If you appoint doctors, nurses or other health professionals to advise you on employee health or to carry out procedures such as health surveillance, check that they have sufficient expertise and training in occupational health.
The competence required will depend what you need them to do - specific standards can be found in guidance associated with regulations.
The level of occupational health expertise needs to be appropriate to the level of health risk identified for a project, eg a complex construction project would usually have a consultant occupational health doctor (physician) overseeing the occupational health provision.
Occupational health doctors are expected to have skills and expertise that include:
There are currently three levels of qualification in occupational medicine for doctors:
Doctors who are members of the Faculty and have made a distinguished contribution to the specialty, and who demonstrate a greater depth of experience and expertise in occupational medicine, may also be awarded a Fellowship of the Faculty (FFOM).
Doctors without these qualifications who rely solely on experience gained in the workplace may not meet the requirements for competence demanded by some health and safety legislation. It is recommended that the Diploma in Occupational Medicine is used as the minimum standard of qualification. However, occupational health doctors still need to work within the limits of their specific competence and seek more specialist advice when appropriate.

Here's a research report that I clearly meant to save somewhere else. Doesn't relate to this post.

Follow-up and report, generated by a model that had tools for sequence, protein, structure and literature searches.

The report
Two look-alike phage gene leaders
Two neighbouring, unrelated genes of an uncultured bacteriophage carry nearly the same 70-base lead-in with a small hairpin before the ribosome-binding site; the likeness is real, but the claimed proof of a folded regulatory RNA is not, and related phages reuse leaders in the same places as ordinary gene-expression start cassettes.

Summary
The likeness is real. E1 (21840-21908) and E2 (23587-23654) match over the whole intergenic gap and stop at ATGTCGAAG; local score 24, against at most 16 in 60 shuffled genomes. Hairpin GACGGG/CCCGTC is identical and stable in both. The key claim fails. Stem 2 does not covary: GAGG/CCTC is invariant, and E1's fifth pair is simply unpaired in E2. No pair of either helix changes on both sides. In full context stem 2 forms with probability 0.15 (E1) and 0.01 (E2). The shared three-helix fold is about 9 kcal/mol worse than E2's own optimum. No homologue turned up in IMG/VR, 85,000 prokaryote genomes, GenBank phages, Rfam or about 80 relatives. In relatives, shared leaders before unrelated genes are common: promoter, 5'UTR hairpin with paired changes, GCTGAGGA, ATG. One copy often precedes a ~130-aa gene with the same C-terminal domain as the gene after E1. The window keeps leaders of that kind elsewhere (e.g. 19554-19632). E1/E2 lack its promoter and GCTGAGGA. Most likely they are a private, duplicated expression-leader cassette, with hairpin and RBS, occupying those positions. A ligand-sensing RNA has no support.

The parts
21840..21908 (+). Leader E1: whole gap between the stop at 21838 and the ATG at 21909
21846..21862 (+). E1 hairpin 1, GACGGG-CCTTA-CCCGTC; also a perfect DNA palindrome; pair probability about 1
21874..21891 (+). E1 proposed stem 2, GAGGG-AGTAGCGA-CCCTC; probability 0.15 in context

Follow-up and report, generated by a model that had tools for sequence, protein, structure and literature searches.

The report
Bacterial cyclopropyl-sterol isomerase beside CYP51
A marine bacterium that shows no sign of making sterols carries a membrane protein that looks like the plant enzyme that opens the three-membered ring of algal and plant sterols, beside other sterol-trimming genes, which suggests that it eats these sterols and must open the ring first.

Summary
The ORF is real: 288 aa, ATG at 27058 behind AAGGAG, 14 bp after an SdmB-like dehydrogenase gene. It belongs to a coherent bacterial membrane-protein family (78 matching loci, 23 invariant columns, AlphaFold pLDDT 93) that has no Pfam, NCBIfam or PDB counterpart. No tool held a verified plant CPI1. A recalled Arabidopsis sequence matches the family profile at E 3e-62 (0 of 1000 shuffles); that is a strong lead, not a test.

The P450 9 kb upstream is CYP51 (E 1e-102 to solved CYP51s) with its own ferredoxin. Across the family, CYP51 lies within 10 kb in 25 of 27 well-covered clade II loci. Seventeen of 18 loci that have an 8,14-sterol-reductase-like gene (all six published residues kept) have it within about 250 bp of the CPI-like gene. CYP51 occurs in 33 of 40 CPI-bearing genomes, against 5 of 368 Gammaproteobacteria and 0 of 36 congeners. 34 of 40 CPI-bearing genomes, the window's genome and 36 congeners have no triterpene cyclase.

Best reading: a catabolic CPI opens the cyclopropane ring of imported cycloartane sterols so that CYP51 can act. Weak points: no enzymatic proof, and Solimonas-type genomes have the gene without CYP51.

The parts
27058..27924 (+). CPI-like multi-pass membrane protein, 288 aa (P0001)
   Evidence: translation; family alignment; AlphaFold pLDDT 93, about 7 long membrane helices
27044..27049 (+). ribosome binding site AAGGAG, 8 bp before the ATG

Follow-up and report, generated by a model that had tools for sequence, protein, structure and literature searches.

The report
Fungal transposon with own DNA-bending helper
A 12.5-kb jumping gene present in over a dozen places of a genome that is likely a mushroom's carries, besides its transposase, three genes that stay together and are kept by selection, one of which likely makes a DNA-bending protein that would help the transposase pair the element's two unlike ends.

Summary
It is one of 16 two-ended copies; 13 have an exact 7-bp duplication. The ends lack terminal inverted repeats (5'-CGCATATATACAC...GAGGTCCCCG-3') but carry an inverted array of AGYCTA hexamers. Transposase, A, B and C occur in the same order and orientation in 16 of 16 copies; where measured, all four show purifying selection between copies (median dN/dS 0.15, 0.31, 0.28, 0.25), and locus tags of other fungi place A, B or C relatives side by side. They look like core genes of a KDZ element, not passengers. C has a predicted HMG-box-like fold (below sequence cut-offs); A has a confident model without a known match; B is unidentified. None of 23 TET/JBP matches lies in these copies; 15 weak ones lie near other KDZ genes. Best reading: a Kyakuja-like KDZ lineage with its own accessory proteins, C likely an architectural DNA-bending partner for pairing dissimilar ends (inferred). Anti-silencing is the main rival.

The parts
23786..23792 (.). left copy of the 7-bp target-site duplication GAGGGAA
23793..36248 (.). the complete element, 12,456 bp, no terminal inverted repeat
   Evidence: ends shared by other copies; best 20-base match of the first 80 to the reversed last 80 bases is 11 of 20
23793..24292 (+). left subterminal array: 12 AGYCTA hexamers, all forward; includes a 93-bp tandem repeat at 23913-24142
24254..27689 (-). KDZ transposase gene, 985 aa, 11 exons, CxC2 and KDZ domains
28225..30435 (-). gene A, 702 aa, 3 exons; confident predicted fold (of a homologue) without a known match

Nurses who carry out occupational health surveillance should, as a minimum, be registered with the Nursing and Midwifery Council (NMC). They may also hold an occupational health qualification at Certificate, Diploma or Degree level. If the nurse does not have an occupational health qualification then they should work under the supervision of an appropriately qualified clinician (doctor or nurse).
For a nurse-led occupational health service, the lead nurse should also be registered with the NMC as a specialist community public health nurse in occupational health. Alternatively, they should be qualified to register as such and have access to specialist occupational physician advice as needed.
Occupational health technician is a developing role. With supervision from occupational health qualified nurses and doctors and the correct training, they may be able to carry out some aspects of health surveillance. This frees up doctors and nurses for other tasks.
Currently there are no published minimum standards but training programmes are being developed.
As well as meeting the necessary legal requirements to employ clinical staff, we recommended that you apply the following minimum levels of competence:
Some aspects of health surveillance require additional qualifications, eg:
When appointing an occupational health doctor or nurse, ask for their registration/personal identification number (PIN), and confirm it with the appropriate governing body: